DALLAS – In a case with implications for the bond industry, the United States Supreme Court will decide whether a Texas utility can buy Oklahoma water and pipe it across state lines.

The United States Supreme Court agreed Friday to hear the Tarrant Regional Water District's lawsuit against the state of Oklahoma over control of water that flows into the Red River that divides the two states.

TRWD filed suit in January 2007, seeking to divert more than 130 billion gallons from basins upstream from the river to supply North Texas, including the Dallas-Fort Worth area.  Fort Worth is the county seat of Tarrant County. Dallas and the North Texas Municipal Water District, which supplies water to some Dallas suburbs, joined the suit.

"We expect the Supreme Court's decision will bring finality to the legal issues that have precluded us from addressing regional water needs due to the growing population in the Metroplex," said TRWD general manager Jim Oliver in a prepared statement.

U.S. District Court in Oklahoma and the U.S. Tenth District Court of Appeals in Denver have ruled that Oklahoma has the right to refuse to sell water to out-of-state customers.

"We successfully defended Oklahoma's right to protect its natural resources at the district court and circuit court of appeals, and we will continue that fight at the Supreme Court," said Oklahoma Attorney General Scott Pruitt.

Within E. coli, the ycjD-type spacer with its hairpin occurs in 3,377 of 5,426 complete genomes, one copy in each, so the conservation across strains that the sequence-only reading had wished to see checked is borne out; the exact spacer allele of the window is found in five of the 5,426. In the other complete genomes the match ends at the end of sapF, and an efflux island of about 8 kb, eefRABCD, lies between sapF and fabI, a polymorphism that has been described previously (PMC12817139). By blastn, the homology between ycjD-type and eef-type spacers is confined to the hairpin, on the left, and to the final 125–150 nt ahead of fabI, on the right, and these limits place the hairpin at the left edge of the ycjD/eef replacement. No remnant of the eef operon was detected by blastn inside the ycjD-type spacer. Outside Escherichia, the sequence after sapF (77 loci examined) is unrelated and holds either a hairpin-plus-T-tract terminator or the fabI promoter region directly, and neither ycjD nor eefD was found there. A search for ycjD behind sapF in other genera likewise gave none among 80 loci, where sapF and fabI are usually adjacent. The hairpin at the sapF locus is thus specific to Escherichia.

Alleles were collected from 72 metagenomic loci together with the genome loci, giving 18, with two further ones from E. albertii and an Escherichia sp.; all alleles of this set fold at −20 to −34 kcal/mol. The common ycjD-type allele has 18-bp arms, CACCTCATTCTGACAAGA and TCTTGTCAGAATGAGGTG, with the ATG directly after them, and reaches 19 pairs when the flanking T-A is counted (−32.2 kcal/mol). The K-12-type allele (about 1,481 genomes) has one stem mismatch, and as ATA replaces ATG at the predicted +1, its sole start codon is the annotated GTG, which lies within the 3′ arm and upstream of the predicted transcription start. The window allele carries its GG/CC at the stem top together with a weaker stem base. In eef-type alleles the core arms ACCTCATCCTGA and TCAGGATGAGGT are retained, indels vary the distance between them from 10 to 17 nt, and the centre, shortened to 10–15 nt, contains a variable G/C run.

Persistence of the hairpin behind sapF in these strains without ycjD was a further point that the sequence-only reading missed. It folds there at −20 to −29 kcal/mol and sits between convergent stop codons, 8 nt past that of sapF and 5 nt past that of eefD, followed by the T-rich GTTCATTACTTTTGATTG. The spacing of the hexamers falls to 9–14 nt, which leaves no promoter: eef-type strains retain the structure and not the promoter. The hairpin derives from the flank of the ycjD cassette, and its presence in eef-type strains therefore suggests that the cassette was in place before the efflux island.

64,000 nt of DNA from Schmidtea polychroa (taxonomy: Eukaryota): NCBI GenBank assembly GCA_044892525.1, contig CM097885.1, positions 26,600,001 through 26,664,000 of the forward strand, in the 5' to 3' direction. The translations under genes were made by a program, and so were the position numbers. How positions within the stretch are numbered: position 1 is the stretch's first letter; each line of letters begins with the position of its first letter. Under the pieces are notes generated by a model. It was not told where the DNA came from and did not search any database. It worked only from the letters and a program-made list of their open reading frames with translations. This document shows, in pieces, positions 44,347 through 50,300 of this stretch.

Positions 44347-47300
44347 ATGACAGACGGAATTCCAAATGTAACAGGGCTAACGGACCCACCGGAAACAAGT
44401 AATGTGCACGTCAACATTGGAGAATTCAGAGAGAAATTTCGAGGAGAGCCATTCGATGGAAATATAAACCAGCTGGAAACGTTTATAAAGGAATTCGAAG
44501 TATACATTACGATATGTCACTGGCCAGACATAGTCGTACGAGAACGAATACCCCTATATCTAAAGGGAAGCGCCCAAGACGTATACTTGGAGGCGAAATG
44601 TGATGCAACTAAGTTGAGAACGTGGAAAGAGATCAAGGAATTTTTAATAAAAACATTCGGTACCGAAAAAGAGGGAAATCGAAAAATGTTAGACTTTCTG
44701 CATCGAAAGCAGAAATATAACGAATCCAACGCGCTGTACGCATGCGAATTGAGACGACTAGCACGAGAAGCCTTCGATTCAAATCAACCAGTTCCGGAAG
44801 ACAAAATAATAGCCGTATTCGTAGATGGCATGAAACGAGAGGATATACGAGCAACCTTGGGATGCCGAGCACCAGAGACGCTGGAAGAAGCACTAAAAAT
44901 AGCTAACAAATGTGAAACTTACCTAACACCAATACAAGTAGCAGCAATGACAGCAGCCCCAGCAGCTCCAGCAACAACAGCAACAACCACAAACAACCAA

While the TRWD argues that the lawsuit could affect interstate water compacts nationwide, Oklahoma attorneys counter that the issue is a narrow dispute.

Under the Red River Compact approved by Congress in 1980, Texas, Oklahoma, Arkansas and Louisiana are provided an "equitable apportionment of water" from the Red River and its tributaries.

The Tarrant Regional Water District contends that Oklahoma lawmakers violated the compact by passing a 2009 bill requiring that legislative approval for any transfer of Oklahoma water across state lines.

More than 18 metropolitan areas in the United States depend on water supplies governed by interstate compacts.  The cities include Los Angeles, San Diego and Sacramento, Calif., Denver, Atlanta, Phoenix, Tucson, Las Vegas and Salt Lake City.

With a growing population, the Dallas-Fort Worth area has been seeking ways to increase water supplies through pipeline construction financed by bonds.  The TRWD and Dallas Water Utilities are collaborating on a $2.3 billion pipeline to bring water from an East Texas reservoir to Metroplex customers.

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